Another sign of the times perhaps in modern Japan, where the elderly are advised not to walk a distance that Google maps tells me is a mere eleven minutes. But the walk is a pleasant one, through mikan farms and old farmhouses. When I get to a busier road, I am able to hitch a lift for the final stretch to Kenmin-ga-hama (県民の浜). This beach is considered one of Japan's best and it is easy to see why, with perfectly groomed gold sand, clear waters and swaying palms.
Beside the beach is a soccer pitch and a polo field, and further away from the water stands a row of small cottages. Sadly the restaurant is closed due to some function, so I walk back up the beach to neighboring Koi-ga-hama (恋が浜), a bit more down to earth with its campsites sheltered by pines. The heat is coming up so I roll up my trouser legs and wade into the cooling water, finding yet another reason to return to a part of the country which is quickly becoming one of my favorites.
And Sannose on Shimo-kamagarijima completes the hat trick. This simple row of houses near the inter-island strait has had a long and international history, formerly used as inns for the noblemen who once passed through.
The town was considered important enough to host a number of diplomatic missions in the feudal period, most notably the Koreans and the Dutch. Evidence of these missions can be seen at the Shoto-en, in the form of hundreds of artifacts from around the world. But it is the gardens themselves that most impress, awing even the Korean statues that bow reverently to the handful of buildings on site.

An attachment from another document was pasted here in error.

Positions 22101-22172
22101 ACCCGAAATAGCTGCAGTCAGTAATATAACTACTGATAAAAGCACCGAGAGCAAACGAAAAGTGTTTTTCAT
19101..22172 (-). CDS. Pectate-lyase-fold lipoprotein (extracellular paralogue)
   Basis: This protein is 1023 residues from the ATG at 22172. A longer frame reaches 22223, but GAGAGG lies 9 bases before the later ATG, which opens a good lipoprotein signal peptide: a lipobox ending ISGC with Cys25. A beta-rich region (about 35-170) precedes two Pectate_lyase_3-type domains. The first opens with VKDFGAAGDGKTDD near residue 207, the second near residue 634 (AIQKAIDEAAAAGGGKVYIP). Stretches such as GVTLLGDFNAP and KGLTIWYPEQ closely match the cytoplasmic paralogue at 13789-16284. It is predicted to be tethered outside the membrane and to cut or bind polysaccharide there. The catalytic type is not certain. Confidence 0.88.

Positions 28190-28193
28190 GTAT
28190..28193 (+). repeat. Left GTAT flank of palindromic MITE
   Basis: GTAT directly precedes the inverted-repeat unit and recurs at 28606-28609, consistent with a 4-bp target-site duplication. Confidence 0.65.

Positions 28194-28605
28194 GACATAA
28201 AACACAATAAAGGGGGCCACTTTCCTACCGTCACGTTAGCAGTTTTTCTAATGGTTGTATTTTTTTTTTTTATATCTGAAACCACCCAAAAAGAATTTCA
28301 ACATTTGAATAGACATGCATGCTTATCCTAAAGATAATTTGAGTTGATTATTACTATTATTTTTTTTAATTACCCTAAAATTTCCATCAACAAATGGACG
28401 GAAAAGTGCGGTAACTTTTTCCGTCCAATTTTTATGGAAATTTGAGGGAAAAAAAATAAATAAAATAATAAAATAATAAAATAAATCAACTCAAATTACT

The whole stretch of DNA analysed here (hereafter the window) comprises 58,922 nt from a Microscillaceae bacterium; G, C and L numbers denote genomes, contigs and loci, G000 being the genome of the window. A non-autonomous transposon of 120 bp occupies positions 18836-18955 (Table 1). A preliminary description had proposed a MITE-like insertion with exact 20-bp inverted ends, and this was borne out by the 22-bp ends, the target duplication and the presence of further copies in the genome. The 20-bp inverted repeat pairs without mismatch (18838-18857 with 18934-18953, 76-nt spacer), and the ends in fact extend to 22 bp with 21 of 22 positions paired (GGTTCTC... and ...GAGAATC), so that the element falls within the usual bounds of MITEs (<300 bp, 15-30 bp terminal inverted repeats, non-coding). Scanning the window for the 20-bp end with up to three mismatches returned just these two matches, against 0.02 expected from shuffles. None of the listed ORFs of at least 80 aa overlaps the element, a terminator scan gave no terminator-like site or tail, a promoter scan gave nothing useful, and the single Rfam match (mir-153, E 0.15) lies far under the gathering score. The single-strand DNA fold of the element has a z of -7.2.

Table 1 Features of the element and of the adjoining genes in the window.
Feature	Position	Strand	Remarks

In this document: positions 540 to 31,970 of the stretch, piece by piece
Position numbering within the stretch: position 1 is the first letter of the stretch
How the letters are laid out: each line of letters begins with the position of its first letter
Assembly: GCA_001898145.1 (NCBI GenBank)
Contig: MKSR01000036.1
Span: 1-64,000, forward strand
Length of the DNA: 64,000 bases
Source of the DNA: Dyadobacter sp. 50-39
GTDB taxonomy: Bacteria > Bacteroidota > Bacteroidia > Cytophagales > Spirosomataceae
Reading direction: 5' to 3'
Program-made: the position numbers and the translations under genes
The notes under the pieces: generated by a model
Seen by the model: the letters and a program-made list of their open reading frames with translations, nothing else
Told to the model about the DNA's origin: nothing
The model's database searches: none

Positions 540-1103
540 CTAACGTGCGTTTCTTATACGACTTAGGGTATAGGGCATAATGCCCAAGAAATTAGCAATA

It would be easy to spend a full day here, visiting some of the nearby galleries and proud Edo Period houses. But I have one last bus to catch. Along the way to the bus stop, I hear some great old classic jazz coming from Maruya cafe. Overlooking the water, it is the perfect place to linger awhile, again to be tabled to a future date. As it is, the owner makes a take-away panini for me, and as my bus rolls and pitches its way toward the final bridge toward Kure, I enjoy the taste of curry. It seems fitting.
Access - Getting To Mitarai
Mitarai, on Osaki-Shimojima island, can be reached by ferry from Takehara Port. There are seven boats a day and the trip takes about one hour. From there, hourly buses cross the islands west to Kure.
Kure can be reached by train on the JR Kure Line, about 30-45 minutes east of Hiroshima depending on the type of train.
Mitarai has a number of small traditional inns www.yutaka-kanko.jp/stay
Kenmin-ga-hama has a larger hotel that also rents cottages: kennhama.net
There is no lodging in Sannose, but plenty can be found in the nearby city of Kure.
See here for a full listing of hotels and guest houses in Kure.
If you wish for us to reserve accommodation for you anywhere in Japan (for a small fee) please contact us.
See here for hotels in Hiroshima.
About the Author
Based in Kyoto, Edward's work has appeared in a variety of print and online publications. Co-editor of the Deep Kyoto Walk anthology, he is currently at work on a series of books about walking Japan's ancient highways. Edward is the author of the blog notesfromthenog.blogspot.jp